Henry Rodriguez and Christina often struggled to make a connection on Lifetime’s Married at First Sight season 11 in New Orleans. Their very different personalities sometimes put them at odds. Still, many fans thought 35-year-old Henry, a clinical recruiter, might be able to provide a helpful balance to 30-year-old Christina, a flight attendant.
With the Married at First Sight season finale approaching on October 28, Henry opened up to Showbiz Cheat Sheet exclusively about his first impressions of Christina, what pleasantly surprised him about the filming process, and which online comments he finds most offensive.
Starting the process
Q: What made you decide to get married at first sight?
I’m someone who doesn’t take a lot of risks, which I think has held me back in certain areas of my life for quite some time. Dating being one of those areas, of course. I guess part of me thought that taking a huge risk like this would make up for all the other risks I didn’t take to that point.
Also, I think the process itself has some intriguing concepts. I think a lot of us don’t always want what’s best for us, and I think an outsider’s perspective is often needed. But in order for something like this to be successful, you really need to trust the process and know what things are important to you.
Q: Was there anything about the casting process that you didn’t expect?
The casting process itself is rather intense. Sure, I figured psych evals and various questionnaires would be involved. But I was surprised by how in-depth some of those things were. It made me feel confident that they were doing their due diligence. It is incredibly time-consuming, and you have to be dedicated in order to make it through the process from beginning to end, especially knowing there’s a chance you may not get matched.
Q: How did you feel going into your wedding day?
I was actually fine! It was weird. I wasn’t that anxious or nervous about it at all. Some of my friends would jokingly check my pulse to make sure I was alive. I felt ready for the moment and prepared. However, all of that changed once I walked down the aisle and stood at the altar in front of our guests. The reality of the situation hit me like a ton of bricks.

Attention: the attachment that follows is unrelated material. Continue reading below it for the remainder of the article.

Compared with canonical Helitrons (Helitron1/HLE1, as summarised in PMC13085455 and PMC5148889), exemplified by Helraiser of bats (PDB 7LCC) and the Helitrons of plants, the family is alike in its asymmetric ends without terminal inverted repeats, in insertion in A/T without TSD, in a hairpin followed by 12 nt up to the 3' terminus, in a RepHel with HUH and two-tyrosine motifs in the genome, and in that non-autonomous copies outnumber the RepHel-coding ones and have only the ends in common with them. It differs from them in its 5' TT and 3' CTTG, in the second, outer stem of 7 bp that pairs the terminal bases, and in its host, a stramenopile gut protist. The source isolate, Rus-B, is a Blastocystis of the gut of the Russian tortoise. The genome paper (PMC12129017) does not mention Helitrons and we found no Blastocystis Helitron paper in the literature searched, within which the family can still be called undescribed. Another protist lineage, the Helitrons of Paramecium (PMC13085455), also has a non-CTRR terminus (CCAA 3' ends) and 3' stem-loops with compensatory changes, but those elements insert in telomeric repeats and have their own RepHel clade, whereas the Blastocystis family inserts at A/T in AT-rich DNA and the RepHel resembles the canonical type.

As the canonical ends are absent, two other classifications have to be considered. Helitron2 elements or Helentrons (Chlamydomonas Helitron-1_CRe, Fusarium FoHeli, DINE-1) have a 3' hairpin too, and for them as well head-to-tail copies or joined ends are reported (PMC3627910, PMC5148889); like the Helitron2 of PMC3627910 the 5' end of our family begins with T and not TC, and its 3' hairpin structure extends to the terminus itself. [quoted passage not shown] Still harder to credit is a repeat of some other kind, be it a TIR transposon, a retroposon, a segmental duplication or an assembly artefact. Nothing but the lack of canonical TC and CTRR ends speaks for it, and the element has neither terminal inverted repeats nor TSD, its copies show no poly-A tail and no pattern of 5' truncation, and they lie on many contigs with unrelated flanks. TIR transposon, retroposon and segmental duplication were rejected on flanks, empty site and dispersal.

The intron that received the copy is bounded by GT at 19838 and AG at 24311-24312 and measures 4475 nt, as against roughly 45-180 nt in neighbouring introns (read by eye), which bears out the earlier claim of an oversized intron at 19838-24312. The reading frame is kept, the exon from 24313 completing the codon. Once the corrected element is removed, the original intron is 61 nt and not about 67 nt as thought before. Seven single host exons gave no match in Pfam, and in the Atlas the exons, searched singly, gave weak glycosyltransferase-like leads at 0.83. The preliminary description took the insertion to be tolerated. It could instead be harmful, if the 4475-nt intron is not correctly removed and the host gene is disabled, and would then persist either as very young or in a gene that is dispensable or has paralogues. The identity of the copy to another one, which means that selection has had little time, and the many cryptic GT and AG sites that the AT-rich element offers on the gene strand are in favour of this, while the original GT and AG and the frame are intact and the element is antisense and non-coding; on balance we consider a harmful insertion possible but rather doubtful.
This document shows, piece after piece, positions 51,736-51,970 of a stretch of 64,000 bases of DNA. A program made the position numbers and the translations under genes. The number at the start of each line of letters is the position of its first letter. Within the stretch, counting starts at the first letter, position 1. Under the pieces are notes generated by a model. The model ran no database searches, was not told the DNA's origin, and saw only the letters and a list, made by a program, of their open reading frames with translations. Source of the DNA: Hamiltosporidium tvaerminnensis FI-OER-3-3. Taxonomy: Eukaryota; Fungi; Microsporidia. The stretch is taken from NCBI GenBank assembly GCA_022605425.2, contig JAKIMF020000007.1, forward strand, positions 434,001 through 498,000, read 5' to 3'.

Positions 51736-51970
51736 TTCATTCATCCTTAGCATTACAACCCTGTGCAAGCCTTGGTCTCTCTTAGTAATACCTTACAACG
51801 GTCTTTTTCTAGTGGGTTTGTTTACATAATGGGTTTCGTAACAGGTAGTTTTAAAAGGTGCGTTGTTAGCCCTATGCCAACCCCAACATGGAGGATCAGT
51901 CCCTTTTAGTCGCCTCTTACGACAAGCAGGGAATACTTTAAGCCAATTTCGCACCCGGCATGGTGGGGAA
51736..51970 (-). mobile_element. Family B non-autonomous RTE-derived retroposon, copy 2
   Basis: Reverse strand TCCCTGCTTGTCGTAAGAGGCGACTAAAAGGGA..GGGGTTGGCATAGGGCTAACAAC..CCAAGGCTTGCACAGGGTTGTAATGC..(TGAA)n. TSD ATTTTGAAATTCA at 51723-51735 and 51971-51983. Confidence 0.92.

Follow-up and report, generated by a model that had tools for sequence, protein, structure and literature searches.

Filming during a global pandemic
Q: What did you notice first about Christina?
Apparently, the first thing I noticed was her height. But I noticed her smile soon after that. Christina has a great smile, and it made a nice first impression. I could tell she was happy to be walking down the aisle and anxious to meet her stranger spouse.
Q: What was your biggest challenge during the eight weeks?
I’d say the pandemic was by far the biggest challenge. Your head is already all over the place while going through this experiment. You go through a number of lifestyle changes so quickly that it can be quite overwhelming, especially if things aren’t going as smoothly as you hope they would.
But then you add a pandemic on top of that, and it just makes an already crazy situation even crazier. It puts things into perspective. Suddenly I’m worried about my family and their health, their livelihoods, my job, my brother, etc. Then you also wonder a lot of those same things about a spouse you barely know, and things suddenly become a lot more difficult than they already have been. It was tough and certainly threw a wrench into things.
Q: What surprised you the most about Christina across the eight weeks?
Living with Christina was surprisingly easy. I’ve been living by myself for a bit and can be kind of OCD about things. I like certain things to be a certain way, and I don’t like the common area or the kitchen to be messy. But it wasn’t a problem at all! It was a pleasant surprise.
Also, I knew Christina dabbled in painting, but I didn’t know to what extent. But she spent a lot of time painting a planter for a friend. It was a little project of hers, and it was really cool. I was impressed! It came out great.